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  • The Fall of the Duck Dynasty

    As soon as I saw the first post about what’s-his-face from Duck Dynasty’s interview in GQ, I knew there would post after post about it on Facebook and Twitter.  In his interview, Phil Robertson made it rather clear what his stance on homosexuality is. In addition to the predictable belief that homosexuality is a sin, Robertson also seems to think that Blacks were perfectly happy back when he was a kid and those lovely Jim Crow laws were still in effect. What’s really causing the stir on social media, however, is the fact that A&E has pulled the popular reality show, Duck Dynasty, that follows the life of Robertson and his family. The most common outcry against A&E’s decision is that they are infringing upon Robertson’s right of free speech. Let me start by saying this: Phil Robertson had every right to say what he did, but A&E also has every right to not have him and his beliefs associated with their network.

    Maybe some of you will be surprised, but I wasn’t exactly angry when I read the comments that sparked this controversy. I mean, is a single person really surprised? The thoughts running through my mind as I read over the interview really boiled down to “wow, this is unsurprisingly archaic and ignorant.” There was nothing new to his argument about homosexuality, just the standard calling it a sin and equating it with bestiality (which is a little weird coming from a man who made his fortune by selling duck calls meant to make ducks think hunters are interested in having sex with them).  As for the comments about Black people, he says of his pre-Civil Rights Movement childhood, “Were they happy? They were godly; they were happy; no one was singing the blues.” I find this hilariously ignorant for so many reasons, but it’s the fact that he’s talking about the era when they were literally singing the blues that gets me. Probably because if I think about the other things, I get sad over how horrible people can still be.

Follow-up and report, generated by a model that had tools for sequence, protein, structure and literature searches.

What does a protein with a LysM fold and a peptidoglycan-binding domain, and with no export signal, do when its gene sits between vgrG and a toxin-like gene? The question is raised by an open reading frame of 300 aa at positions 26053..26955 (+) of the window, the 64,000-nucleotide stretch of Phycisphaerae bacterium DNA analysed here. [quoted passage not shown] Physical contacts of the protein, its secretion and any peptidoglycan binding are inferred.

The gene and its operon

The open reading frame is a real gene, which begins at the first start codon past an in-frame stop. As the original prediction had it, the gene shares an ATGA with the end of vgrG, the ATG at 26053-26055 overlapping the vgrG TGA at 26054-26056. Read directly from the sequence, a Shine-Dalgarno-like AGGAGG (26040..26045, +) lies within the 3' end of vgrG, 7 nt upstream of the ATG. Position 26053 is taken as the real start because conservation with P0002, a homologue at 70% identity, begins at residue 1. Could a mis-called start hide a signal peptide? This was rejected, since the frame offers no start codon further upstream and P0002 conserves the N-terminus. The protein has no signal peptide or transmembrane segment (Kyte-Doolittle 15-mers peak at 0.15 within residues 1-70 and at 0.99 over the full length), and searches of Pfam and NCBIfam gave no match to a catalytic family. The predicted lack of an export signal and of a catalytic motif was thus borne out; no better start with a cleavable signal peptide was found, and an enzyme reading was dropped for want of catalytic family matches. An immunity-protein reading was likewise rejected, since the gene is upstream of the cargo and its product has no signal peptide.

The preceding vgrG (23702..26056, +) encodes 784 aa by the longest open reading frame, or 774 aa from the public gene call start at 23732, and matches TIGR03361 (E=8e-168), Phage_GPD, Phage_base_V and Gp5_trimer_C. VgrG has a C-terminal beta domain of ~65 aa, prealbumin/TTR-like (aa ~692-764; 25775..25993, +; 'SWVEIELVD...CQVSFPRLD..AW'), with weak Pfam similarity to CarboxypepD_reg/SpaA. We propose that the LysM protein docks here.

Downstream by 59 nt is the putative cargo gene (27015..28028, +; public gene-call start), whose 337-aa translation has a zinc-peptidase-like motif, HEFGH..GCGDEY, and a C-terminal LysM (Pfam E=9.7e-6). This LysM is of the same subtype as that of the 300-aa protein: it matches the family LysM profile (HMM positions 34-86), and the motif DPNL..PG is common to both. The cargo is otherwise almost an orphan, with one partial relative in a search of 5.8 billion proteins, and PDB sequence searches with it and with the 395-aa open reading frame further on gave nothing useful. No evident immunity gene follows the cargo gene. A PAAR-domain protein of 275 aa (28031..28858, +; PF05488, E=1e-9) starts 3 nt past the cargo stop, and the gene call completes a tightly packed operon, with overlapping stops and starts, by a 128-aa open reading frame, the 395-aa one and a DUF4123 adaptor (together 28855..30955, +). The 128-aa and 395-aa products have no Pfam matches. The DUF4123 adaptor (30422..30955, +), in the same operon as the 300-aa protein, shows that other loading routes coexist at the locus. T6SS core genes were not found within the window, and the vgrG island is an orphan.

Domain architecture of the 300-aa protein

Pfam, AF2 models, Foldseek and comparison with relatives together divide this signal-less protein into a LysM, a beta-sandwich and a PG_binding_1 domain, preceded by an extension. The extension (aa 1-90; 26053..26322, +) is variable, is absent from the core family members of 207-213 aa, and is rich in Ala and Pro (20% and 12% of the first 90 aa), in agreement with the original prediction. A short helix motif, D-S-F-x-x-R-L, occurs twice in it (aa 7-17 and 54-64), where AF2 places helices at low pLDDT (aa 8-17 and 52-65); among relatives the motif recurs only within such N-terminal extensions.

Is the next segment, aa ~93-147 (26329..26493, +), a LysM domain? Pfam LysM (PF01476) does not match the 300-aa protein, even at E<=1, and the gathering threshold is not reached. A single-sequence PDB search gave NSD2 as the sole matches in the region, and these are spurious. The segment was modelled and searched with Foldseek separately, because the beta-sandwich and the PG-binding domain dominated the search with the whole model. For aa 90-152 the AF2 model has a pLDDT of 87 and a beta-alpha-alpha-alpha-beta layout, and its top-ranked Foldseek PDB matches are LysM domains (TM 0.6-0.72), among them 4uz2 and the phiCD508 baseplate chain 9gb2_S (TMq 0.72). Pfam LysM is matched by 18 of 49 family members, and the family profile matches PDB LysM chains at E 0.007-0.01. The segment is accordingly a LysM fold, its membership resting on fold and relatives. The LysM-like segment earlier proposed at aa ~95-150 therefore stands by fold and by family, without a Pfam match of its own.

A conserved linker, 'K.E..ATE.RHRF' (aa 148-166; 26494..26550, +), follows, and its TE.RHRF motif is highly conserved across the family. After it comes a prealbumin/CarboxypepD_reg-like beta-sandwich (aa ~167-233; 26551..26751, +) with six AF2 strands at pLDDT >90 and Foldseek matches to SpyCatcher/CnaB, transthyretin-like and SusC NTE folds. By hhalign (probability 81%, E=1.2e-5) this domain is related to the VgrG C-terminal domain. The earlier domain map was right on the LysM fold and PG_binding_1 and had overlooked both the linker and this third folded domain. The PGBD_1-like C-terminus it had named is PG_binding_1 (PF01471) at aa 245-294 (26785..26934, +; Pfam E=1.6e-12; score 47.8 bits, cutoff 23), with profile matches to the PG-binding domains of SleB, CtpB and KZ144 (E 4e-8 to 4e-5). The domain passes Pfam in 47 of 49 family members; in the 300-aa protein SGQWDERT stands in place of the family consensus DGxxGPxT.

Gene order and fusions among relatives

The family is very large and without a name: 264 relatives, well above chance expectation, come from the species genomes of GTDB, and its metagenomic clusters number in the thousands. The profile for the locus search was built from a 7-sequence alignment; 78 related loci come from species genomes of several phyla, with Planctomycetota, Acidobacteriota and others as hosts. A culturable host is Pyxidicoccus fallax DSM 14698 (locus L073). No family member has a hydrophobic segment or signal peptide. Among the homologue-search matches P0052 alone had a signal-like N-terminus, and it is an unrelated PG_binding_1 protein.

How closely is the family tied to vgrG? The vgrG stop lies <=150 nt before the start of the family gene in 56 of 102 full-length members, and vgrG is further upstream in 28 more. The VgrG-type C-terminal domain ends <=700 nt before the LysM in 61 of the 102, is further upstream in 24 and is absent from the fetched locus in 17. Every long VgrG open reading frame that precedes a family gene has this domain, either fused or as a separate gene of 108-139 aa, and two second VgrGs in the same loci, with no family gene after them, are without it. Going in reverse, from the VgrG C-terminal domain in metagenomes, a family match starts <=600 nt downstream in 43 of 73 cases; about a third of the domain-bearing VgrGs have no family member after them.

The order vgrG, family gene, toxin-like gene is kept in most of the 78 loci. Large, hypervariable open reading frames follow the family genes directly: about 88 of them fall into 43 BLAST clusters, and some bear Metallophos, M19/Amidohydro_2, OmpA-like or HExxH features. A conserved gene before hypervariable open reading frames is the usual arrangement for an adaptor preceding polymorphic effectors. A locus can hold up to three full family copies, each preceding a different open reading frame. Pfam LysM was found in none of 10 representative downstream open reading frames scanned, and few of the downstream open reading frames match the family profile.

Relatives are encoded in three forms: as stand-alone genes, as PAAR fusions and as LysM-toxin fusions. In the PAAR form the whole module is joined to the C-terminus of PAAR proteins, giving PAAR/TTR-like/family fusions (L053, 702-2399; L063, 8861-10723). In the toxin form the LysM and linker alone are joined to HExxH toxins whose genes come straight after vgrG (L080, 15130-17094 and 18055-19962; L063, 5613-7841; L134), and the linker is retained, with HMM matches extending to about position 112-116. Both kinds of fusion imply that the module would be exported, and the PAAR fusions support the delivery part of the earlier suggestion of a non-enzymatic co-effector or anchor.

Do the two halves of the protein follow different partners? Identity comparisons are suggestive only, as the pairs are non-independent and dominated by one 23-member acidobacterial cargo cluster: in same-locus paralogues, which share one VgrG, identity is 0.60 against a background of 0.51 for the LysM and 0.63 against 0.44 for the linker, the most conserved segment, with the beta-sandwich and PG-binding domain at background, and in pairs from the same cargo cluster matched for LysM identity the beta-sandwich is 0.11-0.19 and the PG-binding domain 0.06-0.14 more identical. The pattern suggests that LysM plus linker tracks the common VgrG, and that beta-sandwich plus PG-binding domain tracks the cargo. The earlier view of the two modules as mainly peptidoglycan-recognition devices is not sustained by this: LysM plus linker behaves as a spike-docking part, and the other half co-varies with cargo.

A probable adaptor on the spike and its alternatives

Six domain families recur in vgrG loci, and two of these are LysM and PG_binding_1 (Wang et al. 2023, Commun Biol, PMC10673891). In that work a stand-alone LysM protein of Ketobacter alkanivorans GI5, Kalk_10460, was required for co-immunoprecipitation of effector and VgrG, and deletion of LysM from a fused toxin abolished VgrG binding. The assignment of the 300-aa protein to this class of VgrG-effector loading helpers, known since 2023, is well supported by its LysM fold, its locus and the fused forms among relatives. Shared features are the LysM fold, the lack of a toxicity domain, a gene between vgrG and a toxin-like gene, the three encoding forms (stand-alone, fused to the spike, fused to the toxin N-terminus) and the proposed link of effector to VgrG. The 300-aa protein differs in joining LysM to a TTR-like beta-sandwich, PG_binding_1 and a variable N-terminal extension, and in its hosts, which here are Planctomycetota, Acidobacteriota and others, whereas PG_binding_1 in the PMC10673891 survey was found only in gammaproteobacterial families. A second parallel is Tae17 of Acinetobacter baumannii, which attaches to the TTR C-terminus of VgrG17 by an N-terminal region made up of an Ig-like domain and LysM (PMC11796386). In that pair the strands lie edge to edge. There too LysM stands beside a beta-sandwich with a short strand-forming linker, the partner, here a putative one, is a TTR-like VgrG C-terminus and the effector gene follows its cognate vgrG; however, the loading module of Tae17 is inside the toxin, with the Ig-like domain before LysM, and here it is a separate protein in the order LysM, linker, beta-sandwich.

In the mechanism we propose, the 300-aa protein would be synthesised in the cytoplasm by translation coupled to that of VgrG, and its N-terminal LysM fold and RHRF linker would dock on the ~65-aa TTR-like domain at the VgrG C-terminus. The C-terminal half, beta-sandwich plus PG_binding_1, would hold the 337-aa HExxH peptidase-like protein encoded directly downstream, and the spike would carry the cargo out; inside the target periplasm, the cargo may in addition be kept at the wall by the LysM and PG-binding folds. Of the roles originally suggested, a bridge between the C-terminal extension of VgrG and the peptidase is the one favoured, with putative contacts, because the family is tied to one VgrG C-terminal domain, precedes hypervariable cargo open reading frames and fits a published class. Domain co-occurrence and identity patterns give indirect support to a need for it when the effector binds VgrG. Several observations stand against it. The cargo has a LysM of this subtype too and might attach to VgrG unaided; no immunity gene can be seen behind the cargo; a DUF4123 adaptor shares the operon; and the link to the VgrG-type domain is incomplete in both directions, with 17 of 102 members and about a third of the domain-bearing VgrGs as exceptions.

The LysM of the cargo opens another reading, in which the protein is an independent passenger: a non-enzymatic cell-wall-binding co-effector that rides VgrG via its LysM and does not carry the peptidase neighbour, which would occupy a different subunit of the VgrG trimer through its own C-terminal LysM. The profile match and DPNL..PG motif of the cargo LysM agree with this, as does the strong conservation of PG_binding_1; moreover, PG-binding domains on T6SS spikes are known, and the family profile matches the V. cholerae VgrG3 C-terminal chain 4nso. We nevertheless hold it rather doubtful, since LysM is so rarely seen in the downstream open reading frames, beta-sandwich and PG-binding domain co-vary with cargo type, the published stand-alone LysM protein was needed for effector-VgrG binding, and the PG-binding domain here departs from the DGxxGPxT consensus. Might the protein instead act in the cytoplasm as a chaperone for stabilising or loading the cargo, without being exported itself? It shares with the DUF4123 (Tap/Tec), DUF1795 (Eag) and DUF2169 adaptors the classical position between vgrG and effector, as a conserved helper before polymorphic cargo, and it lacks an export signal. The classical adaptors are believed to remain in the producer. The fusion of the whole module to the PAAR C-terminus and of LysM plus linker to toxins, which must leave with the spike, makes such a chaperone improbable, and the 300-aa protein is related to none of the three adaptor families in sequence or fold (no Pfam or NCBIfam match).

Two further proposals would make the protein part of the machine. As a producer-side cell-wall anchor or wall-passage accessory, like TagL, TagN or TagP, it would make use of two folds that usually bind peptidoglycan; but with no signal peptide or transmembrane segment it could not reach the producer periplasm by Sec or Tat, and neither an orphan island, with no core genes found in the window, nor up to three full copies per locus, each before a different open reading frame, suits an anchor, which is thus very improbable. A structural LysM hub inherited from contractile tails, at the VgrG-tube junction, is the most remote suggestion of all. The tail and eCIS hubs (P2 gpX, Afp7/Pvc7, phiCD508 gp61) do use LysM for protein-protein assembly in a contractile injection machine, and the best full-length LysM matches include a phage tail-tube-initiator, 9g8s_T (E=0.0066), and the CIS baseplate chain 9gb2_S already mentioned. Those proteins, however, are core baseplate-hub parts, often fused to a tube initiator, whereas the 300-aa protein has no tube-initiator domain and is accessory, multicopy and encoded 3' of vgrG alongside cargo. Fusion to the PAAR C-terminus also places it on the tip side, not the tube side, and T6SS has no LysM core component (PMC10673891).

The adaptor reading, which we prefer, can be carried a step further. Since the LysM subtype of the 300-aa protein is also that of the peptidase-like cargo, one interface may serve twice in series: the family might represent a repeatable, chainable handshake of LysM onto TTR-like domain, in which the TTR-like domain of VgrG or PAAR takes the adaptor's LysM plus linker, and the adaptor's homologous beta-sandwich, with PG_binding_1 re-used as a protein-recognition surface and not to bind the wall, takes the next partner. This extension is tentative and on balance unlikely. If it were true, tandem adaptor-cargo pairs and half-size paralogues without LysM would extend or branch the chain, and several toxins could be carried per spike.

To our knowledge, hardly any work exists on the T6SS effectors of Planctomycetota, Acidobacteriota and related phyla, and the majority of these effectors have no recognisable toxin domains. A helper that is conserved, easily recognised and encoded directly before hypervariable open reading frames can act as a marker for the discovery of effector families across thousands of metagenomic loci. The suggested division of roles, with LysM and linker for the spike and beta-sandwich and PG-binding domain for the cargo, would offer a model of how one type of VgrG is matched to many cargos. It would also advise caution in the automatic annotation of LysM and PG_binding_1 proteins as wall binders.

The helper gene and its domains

Here’s the thing though, this guy has every right to say those things! But, and this is the important part, society (*coughs* A&E) doesn’t have to sit back and just let him say these things without there being some form of backlash. We’re allowed to look at Phil Robertson and wonder how in the hell people can still think these things. A&E is allowed to stop paying this man because he has quickly made himself a nightmare for the public relations department. No rights have been infringed upon here. Had Phil Robertson been thrown in jail for what he said, then we could have a discussion about his right to free speech being denied. We don’t have that though.

    Instead, we have a situation where Phil Robertson is now on a different path than A&E. It’s a rather unfortunate path he’s on, but hey, whatever, there are some people you have to wash your hands of and let them say stupid shit. Seriously, let him keep saying whatever he wants, it’s his right, but that doesn’t mean the world can’t call him out for it.



  • Anything You Can Do, I Can Do Better

    I used to sell cars. I say “used to” not because it was something I did many years ago, but something I did until last week when my health problems kicked in full-force.  So, I’m on a bit of a hiatus from working at the moment. Anyway, it wasn’t a glamorous job, but you can make decent money doing it short-term and quite a bit of money if you settle in and make it your career. The bad thing about it is that it’s not the most welcoming environment for women. I’m sure you’re shocked.